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Monday
Aug102015

Doctors Are People Too!

That sentence seems like one nobody needs to say. I mean, of course doctors are people too. Why would you need to remind us of that?

I probably don’t need to but a reminder of that fact was delivered to me the other day and it sort of freaked me out.

My wife and I are not the most traditional people in the world but there are a few old school things we just cannot shake. In this case, I am talking about the answering machine and home phone. Yes we have cell phones but that home number with an answering machine is still collecting messages from telemarketers and bill collectors. As well as sick doctors.

The other night we get home and see the indicator light on the machine blinking. When I listen to the messages I find out that my doctor is in the hospital having emergency surgery for a ruptured appendix!

YIKES!

The message also instructed me on who to call if I need to get to the doctors while he is out.

When I think about my doctor I always assume he is healthy. Of course this is something that happens. Of course doctors get sick and need emergency services sometimes. Of course because doctors are people too!

That statement usually reminds me of the mistakes doctors can make and how they are not perfect.

They have their own health to think about as well as their own patients. There is something very comforting about seeing a doctor as a person just like me and not some super human that has all the answers. 

I trust my doctor because he has earned it, just like any person I trust. It doesn’t just come with that prefix before his name. And with that trust comes a relationship that is good for my health. He can talk to me about my life and my health and I am willing to share honestly and follow his lead knowing he is doing his best to take care of me. And also knowing that not everything he tells me to do will be the right thing but I trust he is doing his best.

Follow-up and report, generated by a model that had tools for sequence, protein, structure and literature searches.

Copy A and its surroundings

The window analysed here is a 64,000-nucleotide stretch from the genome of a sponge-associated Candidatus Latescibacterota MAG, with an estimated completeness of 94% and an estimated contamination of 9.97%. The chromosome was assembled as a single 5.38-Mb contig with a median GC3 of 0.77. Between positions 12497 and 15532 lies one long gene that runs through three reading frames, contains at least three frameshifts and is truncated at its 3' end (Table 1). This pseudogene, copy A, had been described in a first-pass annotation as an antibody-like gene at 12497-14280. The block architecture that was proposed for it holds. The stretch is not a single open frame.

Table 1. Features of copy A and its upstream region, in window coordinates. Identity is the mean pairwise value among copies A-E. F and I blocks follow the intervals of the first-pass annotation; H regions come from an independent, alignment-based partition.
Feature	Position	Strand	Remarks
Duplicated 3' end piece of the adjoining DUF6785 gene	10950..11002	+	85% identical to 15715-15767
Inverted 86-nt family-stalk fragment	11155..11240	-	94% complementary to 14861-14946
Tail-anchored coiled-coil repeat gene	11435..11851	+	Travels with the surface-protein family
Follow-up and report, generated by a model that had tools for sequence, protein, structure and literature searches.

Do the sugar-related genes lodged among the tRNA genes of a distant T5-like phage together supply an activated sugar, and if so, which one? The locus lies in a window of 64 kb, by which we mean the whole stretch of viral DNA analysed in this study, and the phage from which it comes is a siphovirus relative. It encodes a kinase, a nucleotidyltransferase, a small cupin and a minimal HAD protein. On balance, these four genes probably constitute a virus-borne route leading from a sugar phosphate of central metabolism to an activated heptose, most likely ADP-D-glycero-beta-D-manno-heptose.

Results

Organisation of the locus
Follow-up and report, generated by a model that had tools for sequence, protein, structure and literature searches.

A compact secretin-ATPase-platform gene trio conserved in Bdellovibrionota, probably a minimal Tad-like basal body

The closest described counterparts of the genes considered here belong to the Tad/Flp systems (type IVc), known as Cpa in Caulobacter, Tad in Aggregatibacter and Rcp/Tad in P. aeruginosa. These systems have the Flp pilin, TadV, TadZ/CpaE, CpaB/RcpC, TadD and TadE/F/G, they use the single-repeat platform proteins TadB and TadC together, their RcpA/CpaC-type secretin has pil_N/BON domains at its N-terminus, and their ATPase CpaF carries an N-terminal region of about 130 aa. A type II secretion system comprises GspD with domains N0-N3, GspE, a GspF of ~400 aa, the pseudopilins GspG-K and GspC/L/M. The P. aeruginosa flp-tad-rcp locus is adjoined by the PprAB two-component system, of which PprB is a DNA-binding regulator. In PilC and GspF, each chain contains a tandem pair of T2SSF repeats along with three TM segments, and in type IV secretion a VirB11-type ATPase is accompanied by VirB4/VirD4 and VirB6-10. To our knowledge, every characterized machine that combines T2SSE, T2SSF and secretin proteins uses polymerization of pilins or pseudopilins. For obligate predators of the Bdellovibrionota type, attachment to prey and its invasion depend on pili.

After all, doctors are people too!

I hope you start feeling better soon Dr. Awesome!

Thursday
May142015

Diabetes Blog Week Day 4 - Changes

Today let's talk about changes, in one of two ways.  Either tell us what you'd most like to see change about diabetes, in any way.  This can be management tools, devices, medications, people's perceptions, your own feelings – anything at all that you feel could use changing.  OR reflect back on some changes you or your loved one has seen or been through since being diagnosed with diabetes.  Were they expected or did they surprise you?

The first thing that comes to mind is changing the power numbers have over us.

When I check my bg and see a number I don't like people around will usually ask, "well what is it supposed to be?" I always want to say, "It's supposed to be that I don't have diabetes!" But I don't. 

For years I would check my blood maybe once a month. Maybe. Seeing a number that was "not where it was supposed to be" made me feel like a failure and an idiot. I need no help feeling that way so better to just ignore it. Yeah right!

The turning point for me was ending up in the hospital with DKA due to stomach flu. It was at that point I knew I needed to get over this whole denial thing (which was not as easy as I just made it sound) and figure out how I needed to handle this diabetes thing (see last parenthetical note). 

After I got out of the hospital I found an endo and he checked my A1C which was 12.5. At the time I had no idea what an A1C was so after he explained it to me and how important it was for me to check my bg's, I started on my journey to the DOC. 

My feeling now is this, there is no such thing as a bad number! Or actually, I would say the only bad number is the one you don't know. 

If someone tells me they have a bad A1C, I tell them, "If you know your A1C then it is a good number. The only bad A1C is the one you don't know!" 

Same goes for bg tests. We should get a pat on the back before the "test" since really that is where the pass/fail mark it. If you have a machine and you have strips for it, then the "test" should not be about the number so much as just getting the number.

A+ on your bg test! Now here is your number! 

This is something I feel needs to change. We need those bg numbers and A1C's to design a plan that keeps us as healthy as possible. Those numbers are the markers along the way while we journey through life diabetes. They make sure we are not straying too far off path and staying safe. 

Numbers should not determine if we are good or bad or failing or succeeding or anything like that! Knowing your numbers is where we should be focusing. The data we get from those "tests" are just the information we need to make the next decision about our health. 

So please, give yourself a high five everytime you go to a doctor appointment. Toss up some confetti when you get your labwork done! And pat yourself on the back whenever you check your bg*! You've earned it!

*You may want to check your shirt for blood spots at the end of the day.

Wednesday
May132015

Diabetes Blog Week Day 3 - Clean It Out